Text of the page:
I realize that was a lot of potentially divergent material, but really, artists convey these things in their packaged state, and Caverns has put together an all-star cast here. This is what I love about the small gaming scene. Weird, unique and quality art is so often used, and it inspires my imagination.

Make a character 

3d6 across the traditional five Abilities with modifiers ( +0 up to +4 )

HP: d8 + Con, 

Armor Class: DEX  

Inventory: 8 + CON

Next is “Pack Your Own Bag.” I suppose previously I hadn’t quite registered the freedom implicit in this part of character creation. I always see Starting Gear tables to roll on as if “that’s the rule” but when I read this header in Rogueland, I thought: “Hmmm, I am an adventurer in a gear shed with all this stuff strewn about, ready to head out for some crazy new life. What do I throw in my duffle?” Even though structured as d20 random tables the tagline just opened up the role-playing mindset. Obvious and trivial? Yes, but some readers may be new to gaming and I just wanted to mention this small touch. Speaking of new players, Rogueland has a nice selection of pre-packaged characters to rush things along.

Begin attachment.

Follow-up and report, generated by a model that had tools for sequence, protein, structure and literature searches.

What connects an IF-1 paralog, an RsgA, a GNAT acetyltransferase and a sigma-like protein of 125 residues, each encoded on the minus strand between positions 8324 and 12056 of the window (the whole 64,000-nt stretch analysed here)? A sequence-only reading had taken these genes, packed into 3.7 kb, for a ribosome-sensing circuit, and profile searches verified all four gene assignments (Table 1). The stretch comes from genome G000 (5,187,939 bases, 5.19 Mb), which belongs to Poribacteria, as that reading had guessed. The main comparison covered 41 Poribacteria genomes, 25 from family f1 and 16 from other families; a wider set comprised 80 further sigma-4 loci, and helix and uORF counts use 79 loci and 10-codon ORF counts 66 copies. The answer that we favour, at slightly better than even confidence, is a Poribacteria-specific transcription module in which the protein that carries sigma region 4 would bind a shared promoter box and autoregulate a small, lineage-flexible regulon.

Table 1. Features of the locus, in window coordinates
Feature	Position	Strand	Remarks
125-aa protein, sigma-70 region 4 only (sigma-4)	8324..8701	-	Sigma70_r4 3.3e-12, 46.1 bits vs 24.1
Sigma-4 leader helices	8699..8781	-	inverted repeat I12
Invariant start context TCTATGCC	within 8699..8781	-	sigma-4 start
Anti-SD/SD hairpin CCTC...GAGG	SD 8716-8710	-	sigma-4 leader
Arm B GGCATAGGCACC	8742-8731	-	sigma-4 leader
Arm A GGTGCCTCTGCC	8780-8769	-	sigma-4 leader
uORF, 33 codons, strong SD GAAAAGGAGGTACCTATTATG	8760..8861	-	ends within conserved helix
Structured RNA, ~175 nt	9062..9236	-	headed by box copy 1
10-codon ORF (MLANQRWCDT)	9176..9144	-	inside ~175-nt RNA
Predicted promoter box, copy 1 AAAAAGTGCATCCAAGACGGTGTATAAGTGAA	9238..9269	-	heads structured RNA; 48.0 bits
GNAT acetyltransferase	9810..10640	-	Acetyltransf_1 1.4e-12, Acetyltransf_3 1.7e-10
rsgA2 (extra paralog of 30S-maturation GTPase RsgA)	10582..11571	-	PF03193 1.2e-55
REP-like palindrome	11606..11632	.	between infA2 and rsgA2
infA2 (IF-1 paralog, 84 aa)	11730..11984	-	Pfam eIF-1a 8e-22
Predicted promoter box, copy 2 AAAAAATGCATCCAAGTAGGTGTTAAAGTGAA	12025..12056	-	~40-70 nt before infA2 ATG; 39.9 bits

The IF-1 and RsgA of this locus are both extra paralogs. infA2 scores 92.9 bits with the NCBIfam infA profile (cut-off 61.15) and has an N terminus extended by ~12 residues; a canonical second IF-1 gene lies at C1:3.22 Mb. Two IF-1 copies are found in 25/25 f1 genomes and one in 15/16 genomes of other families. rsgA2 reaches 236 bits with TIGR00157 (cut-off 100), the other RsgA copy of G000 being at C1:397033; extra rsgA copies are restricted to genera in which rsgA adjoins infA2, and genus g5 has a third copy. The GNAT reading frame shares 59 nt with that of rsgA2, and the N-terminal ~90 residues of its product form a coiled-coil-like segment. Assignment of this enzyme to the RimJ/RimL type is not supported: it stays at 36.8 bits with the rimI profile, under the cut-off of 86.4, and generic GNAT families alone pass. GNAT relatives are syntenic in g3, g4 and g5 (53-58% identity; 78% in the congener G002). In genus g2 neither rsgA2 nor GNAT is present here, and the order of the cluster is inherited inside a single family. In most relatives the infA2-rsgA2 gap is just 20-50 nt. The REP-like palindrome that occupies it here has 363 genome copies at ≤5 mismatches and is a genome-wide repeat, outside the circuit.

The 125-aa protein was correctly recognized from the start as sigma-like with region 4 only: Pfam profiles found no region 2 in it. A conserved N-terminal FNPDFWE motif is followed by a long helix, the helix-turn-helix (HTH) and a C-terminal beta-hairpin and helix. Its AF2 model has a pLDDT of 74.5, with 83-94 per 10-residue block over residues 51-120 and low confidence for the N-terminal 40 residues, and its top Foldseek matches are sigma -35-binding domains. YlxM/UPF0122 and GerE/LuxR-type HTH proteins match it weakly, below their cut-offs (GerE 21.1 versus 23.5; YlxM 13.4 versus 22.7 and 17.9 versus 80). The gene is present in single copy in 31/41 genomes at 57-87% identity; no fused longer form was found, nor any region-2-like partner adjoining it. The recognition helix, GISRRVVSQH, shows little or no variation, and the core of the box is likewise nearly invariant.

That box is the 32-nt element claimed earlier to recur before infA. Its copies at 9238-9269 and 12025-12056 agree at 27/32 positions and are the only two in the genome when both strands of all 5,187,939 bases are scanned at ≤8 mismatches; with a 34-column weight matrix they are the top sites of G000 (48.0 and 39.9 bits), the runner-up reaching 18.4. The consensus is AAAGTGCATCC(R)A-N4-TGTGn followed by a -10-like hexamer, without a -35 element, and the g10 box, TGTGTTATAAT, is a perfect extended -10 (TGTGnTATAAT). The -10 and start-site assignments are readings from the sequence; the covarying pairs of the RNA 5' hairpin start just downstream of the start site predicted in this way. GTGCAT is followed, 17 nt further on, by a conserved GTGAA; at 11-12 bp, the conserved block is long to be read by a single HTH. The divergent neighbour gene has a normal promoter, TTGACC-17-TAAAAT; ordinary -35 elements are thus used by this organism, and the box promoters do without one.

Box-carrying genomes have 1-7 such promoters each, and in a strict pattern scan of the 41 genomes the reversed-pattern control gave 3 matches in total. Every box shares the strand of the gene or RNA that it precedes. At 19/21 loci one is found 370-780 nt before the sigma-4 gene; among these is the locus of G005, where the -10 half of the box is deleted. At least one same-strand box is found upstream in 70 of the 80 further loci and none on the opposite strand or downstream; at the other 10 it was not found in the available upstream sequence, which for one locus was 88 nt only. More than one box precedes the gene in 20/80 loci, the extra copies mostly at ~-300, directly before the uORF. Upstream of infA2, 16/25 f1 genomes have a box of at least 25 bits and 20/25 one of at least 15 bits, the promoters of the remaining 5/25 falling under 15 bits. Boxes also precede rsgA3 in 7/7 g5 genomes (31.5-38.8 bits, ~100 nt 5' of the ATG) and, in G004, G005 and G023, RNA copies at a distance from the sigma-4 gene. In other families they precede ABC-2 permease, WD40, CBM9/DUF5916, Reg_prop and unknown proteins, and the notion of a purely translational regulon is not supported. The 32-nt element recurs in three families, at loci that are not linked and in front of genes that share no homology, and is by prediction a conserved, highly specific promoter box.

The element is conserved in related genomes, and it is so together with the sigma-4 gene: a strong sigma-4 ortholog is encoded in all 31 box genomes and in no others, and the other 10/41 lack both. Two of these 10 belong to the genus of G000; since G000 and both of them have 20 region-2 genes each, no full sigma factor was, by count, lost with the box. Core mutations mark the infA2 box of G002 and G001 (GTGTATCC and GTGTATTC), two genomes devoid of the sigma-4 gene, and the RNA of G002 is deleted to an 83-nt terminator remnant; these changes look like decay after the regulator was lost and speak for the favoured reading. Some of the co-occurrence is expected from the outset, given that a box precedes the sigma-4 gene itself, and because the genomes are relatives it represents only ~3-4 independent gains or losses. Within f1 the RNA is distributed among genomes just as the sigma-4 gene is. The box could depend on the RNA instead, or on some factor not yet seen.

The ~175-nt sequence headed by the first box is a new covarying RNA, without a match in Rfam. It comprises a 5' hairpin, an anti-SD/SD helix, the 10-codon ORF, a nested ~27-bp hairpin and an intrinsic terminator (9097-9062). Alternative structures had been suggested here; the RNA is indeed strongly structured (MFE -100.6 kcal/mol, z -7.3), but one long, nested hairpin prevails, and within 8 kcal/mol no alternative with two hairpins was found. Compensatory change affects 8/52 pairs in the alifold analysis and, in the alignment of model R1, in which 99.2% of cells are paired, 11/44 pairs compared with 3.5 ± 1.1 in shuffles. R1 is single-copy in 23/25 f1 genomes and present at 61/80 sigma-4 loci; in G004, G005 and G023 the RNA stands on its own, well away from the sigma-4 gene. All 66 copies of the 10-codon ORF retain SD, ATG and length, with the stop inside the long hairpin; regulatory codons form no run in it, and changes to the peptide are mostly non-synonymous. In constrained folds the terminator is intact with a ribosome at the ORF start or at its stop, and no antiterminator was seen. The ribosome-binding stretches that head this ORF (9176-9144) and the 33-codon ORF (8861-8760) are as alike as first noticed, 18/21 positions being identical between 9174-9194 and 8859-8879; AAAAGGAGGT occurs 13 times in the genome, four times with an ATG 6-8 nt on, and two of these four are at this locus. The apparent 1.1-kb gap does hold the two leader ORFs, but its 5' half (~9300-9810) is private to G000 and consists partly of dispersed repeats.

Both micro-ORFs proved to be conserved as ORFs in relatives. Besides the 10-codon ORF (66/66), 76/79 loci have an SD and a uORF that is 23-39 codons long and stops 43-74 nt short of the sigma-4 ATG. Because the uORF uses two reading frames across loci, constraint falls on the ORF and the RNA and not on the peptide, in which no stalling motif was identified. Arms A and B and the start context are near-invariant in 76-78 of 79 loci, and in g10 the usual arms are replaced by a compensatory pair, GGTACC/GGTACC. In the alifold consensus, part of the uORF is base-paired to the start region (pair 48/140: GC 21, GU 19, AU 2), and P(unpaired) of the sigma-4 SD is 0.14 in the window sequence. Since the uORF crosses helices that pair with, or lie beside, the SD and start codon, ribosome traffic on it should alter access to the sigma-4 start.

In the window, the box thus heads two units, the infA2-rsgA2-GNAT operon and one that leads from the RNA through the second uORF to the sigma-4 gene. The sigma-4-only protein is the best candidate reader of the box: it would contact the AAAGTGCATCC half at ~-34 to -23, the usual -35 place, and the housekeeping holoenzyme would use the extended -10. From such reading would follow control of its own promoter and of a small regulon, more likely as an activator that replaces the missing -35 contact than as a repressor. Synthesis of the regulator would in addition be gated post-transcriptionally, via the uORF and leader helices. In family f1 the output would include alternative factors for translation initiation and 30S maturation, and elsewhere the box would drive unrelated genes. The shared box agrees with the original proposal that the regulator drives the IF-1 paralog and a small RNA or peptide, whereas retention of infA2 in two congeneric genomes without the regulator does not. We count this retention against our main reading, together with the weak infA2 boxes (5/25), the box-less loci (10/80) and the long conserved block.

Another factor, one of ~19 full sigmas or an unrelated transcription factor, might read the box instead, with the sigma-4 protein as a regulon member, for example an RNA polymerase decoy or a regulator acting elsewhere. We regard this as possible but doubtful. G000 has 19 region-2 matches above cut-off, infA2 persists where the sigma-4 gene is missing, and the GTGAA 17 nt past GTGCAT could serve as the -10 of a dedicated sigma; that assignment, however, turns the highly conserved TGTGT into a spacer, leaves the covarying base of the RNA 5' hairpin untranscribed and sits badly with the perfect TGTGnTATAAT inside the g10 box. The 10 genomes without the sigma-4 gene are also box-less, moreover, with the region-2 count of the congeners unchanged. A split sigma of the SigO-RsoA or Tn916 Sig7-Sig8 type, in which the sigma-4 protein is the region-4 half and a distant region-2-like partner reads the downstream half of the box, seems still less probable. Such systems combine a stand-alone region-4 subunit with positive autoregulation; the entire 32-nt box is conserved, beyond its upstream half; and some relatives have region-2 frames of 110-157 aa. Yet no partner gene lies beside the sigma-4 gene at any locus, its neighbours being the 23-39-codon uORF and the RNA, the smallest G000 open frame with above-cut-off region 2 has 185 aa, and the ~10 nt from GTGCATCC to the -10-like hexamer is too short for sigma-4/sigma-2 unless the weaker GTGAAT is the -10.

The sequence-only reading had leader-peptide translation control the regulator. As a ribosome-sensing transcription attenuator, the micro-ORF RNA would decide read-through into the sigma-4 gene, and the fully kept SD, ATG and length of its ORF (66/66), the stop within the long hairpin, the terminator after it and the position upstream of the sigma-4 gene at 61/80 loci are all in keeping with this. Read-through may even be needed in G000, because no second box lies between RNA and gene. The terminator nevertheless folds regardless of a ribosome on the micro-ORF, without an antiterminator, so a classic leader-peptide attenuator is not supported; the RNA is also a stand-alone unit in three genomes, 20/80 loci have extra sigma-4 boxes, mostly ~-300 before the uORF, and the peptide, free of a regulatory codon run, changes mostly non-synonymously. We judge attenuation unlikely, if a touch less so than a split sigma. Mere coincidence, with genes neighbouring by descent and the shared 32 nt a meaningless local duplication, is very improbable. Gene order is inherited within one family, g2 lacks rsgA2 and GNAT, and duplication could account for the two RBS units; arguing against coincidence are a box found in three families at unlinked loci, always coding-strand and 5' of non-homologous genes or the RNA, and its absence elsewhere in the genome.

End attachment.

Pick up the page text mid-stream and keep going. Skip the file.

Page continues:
Traits: roll d20 on 10 different tables describing physical to psychological traits. Things we’ve seen before. I do like the layout of this though. They are aligned columns of text, so rolling across facilitates creation of a Tag Phrase quite easily for your character. Roll each column and read across for Vice, Virtue, Misery, Past. Some of my examples:

Bitter old man who was Humble(d) by his Exile(d). Will use Tracker skills to find the vile beast that ruined the local shrine in attempts to regain community standing…

Prejudiced fool and Loyal follower of a notorious crime boss but now only the Demoted Burglar looking to strike out and make a new life earning wealth for myself only…

Art by LF_OSR
Some Rules

Rolling a d20 plus or minus bonuses, trying to exceed difficulty level. Same for combat with Ascending Armor. The game utilizes a universal Usage Die mechanic. Torches, spikes, and arrows all use the same supply chain. Start with Ud20 and no matter if oil or arrows was used, roll UD. Acquire a bundle of something, increase UD by one link. I quite like this as it keeps the drama of UD resource management without the bookkeeping of numerous Usage for each item.